As I mentioned in my last post, Dean David Van Zandt of the Northwestern University School of Law came up with his own ranking of law schools based on the number of graduates named to Super Lawyers adjusted to reflect class size (using 1999 enrollment figures).
Now Brian Leiter’s Law School Report blog takes a crack at it. His ranking is also based on the number of graduates named to Super Lawyers plus some sort of weighted average formula which I frankly don’t understand. What both rankings have in common is that they make adjustments based on class size. But they reach very different results.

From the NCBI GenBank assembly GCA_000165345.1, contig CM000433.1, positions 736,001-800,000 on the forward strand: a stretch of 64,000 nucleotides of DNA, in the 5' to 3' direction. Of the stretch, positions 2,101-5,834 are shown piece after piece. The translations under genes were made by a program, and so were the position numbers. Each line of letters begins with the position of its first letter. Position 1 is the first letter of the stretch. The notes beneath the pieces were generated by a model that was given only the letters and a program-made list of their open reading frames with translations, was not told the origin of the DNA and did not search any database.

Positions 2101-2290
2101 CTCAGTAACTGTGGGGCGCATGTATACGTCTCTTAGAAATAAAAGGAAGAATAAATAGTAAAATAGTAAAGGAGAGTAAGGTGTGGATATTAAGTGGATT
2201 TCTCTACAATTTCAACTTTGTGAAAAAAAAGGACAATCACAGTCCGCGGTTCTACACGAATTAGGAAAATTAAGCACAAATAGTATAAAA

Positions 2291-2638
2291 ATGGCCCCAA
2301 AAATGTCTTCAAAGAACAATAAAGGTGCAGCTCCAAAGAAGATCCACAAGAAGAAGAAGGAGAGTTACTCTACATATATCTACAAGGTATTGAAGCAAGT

For example, Leiter’s top ten list is missing three schools that were in Van Zandt’s top ten. Texas, number 3 according to Leiter, isn’t even in Van Zandt’s top 14 (why 14? I have no idea. That’s where his ranking ends on the ABL post)
The point is that simply applying a weighted average based on class size doesn’t magically produce a “more valid ranking.” I’ve seen three weighted average rankings adjusted for class size so far (including the test we ran prior to publishing our list) and the results have been all over the board.